Updated: Oct 15
DISCLAIMER: I am sharing with the world wide web what I have learned, used and what are my preferences when creating with wool. I, in no way condone nor abhor the use of man-made material for textiles.
My humble beginning...
I was F.W. Woolworth yarn shopping years old when my love for wool emerged. Few specialty yarn shops did exist but were not within my reach when just a kid who was curious and anxious limiting my use of yarn to the heart logo brand, what my allowance permitted by the end of the week. To have a long string transformed into something I could display, wear or just stare at in wonder, mistakes and all, made me proud.
Fast forward 40 plus years and WOW, what wool wonders await to be transformed into an ever-lasting handmade heirloom when wool is carefully selected and cared for properly.
This series begins with the Scottish Isles and the Shetland Sheep. One of the smallest British breeds producing the finest of wools now bred world wide in small quantities.
Historically it has been considered one of the most valuable wools because of its durability and versatility. Cross breeding throughout the 19th century resulted in poor quality wool, ensuing a short, coarse fleece endangering the Shetland wool qualities sought after.
The Shetland Flock Book Society was formed in 1927 to conserve and safeguard the quality of the fleece by doing away with cross breeding with other sheep. Conserving its pedigree with meticulous documentation and record keeping during its reproduction since, Shetland Wool continues to be one of the most sought after fibres for color work and fine lace knitting.
It was not until the 1980s when flocks were allowed to be bred in the U.S. following strict conservation practices placed in 1927 to protect the characteristics of the Shetland Sheep.
There are eleven main colours produced in grades of white, greys, reds, brown and black.
An easy wool to dye in vibrant jewelled colours used in Fair Isle knitting.
"Shetland Wool, taking all its properties together, is perhaps the completest article of the kind in the universe, possessing at the same time, the gloss and softness of silk, the strength of cotton, the whiteness of linen, and the warmth of wool."
Sir John Sinclair September 22, 1790
Multi colored knitting can be dated back to early 16th century Eastern Europe and the Nordic Countries. Colorful designs, often depicting an event, a story or a memory were crafted onto a garment, blanket or tapestry. Some symbols and forms were considered holy, others may have been believed to be talismans for long dark winters. All knitted or woven with different ethnographic embellishment and colours using fiber from their geographic location.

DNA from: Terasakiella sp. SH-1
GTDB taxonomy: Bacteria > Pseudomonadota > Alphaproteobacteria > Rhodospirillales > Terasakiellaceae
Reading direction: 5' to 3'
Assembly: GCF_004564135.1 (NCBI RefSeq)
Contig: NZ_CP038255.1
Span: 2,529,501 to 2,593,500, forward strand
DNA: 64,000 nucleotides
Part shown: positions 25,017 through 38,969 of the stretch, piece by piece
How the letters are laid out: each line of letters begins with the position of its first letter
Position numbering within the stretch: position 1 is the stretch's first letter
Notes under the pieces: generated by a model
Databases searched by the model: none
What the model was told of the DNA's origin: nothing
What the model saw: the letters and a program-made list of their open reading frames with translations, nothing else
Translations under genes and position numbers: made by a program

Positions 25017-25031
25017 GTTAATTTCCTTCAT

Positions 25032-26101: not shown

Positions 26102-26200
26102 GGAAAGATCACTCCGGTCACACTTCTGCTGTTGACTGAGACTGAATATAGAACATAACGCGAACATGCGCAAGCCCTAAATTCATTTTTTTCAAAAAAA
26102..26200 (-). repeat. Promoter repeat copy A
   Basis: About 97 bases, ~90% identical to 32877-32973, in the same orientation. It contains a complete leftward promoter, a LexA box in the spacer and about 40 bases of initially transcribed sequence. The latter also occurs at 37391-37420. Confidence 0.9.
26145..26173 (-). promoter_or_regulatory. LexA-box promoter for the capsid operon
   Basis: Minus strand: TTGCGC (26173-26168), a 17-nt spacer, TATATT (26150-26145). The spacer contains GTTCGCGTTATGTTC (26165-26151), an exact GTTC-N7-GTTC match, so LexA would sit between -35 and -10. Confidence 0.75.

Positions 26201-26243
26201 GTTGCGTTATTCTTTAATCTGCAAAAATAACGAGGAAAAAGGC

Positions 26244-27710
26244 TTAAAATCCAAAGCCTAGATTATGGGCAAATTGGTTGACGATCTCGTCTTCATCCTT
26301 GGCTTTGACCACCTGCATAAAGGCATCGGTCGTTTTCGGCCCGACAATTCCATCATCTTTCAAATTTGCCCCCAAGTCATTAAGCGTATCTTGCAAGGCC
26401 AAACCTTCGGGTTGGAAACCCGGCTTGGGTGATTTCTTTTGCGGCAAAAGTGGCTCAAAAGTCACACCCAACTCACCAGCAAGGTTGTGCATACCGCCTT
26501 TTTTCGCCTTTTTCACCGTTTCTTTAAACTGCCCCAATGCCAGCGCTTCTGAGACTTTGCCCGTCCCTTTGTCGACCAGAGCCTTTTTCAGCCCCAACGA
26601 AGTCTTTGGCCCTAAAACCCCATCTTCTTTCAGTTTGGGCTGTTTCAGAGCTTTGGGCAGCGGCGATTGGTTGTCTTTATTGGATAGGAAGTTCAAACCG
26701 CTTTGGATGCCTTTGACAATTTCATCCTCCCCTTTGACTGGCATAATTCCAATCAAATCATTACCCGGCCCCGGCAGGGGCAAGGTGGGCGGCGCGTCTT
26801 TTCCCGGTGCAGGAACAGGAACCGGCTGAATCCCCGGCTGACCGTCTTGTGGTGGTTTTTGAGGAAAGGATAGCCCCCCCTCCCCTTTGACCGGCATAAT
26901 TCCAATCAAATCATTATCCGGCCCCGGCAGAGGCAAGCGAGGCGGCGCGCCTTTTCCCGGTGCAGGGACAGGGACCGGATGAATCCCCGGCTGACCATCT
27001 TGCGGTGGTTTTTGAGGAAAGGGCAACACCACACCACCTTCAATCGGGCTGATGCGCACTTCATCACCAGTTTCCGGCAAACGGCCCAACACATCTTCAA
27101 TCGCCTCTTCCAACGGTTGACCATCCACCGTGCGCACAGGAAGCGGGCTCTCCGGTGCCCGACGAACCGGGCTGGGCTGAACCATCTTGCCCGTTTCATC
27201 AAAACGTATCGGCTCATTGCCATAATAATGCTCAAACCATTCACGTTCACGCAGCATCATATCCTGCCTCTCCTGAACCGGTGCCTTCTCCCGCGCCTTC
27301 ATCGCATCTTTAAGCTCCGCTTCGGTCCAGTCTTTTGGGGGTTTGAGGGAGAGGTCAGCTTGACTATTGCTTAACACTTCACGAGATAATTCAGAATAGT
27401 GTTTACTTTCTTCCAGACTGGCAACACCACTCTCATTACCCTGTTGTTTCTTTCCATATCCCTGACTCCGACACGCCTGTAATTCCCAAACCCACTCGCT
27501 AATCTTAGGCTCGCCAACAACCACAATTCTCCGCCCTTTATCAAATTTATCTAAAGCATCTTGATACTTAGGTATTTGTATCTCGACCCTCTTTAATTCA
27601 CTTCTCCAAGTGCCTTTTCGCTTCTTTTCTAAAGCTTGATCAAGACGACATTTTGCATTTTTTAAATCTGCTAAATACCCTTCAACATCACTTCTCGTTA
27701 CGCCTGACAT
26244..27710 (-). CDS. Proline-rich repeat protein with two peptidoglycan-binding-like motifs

When the Prince of Wales (later Edward VIII) wore a Fair Isle jumpers in public, in 1921, Fair Isle Knitting became popularly known and to this day the characteristic patterns sets it apart from todays popular "stranded colour-work" knitting. During WWII it was introduced in the United States during rations. They became popular in knitting books in the 1950´s.
The origin of Fair Isle knitting is ambiguous, suggesting the Spanish Armada introduced the intricate textile designs from the moorish influence on Spanish textiles of the 15th century. Many claim its origins are from the Vikings.
Fair Isle is knitted in two and no more than five coloured strands creating a design in natural or dyed shetland yarn. Only using two coloured strands per row to create a pattern.
Once twice as valuable as an ounce of gold.
I will let the video speak for itself.
Weaving and dying with Shetland...
Weaving with Shetland yarn is the most satisfying for me.
It is light, delicate, soft and the colour ways are rich and long lasting when dyed.
The more it is washed, the softer it becomes.
Dying the yarn is alchemy when it is plant based and no two batches of dyed wool result the same. It all comes down to the fleece, the area it was shorn and the amount of lanolin still impregnated in the hair follicle scouring the wool after it has been sheered when processing.
Woven shetland cloth is best known for its resistance to moisture. It was sought-after during the Edwardian period, tailors were commissioned to create shooting outfits for the elite and their leisurely pursuits. Because of its durability, motorists and hunters had custom -fit tailors for their outerwear and sports events. Favoured by the "outdoors" gentleman, Harris Tweed, Houndstooth and Glen Plaid were the preferred designs in the early 1900´s upper-crusts is still popular today.
Caring for handmade Shetland wool garments...
Hand wash is always best when washing any Shetland wool item.
Soaked in lukewarm water with a table spoon of sulfate-free detergent, I use home-made castile soap. Allow it soak undisturbed for 10 minutes minimum.
Swish it gently in the water and squeeze excess water.
NEVER AGITATE NOR WRING WHEN WASHING.
Agitating will cause possible felting and wringing the item will have it stretch out of shape.
Soak again when clearing out the soap, then rinse with cold water.
Once all excess water is squeeze out of the garment, it is to be laid flat on a surface to preserve its shape. If hung to dry the fibers will stretch and the garment may stretch out of shape.
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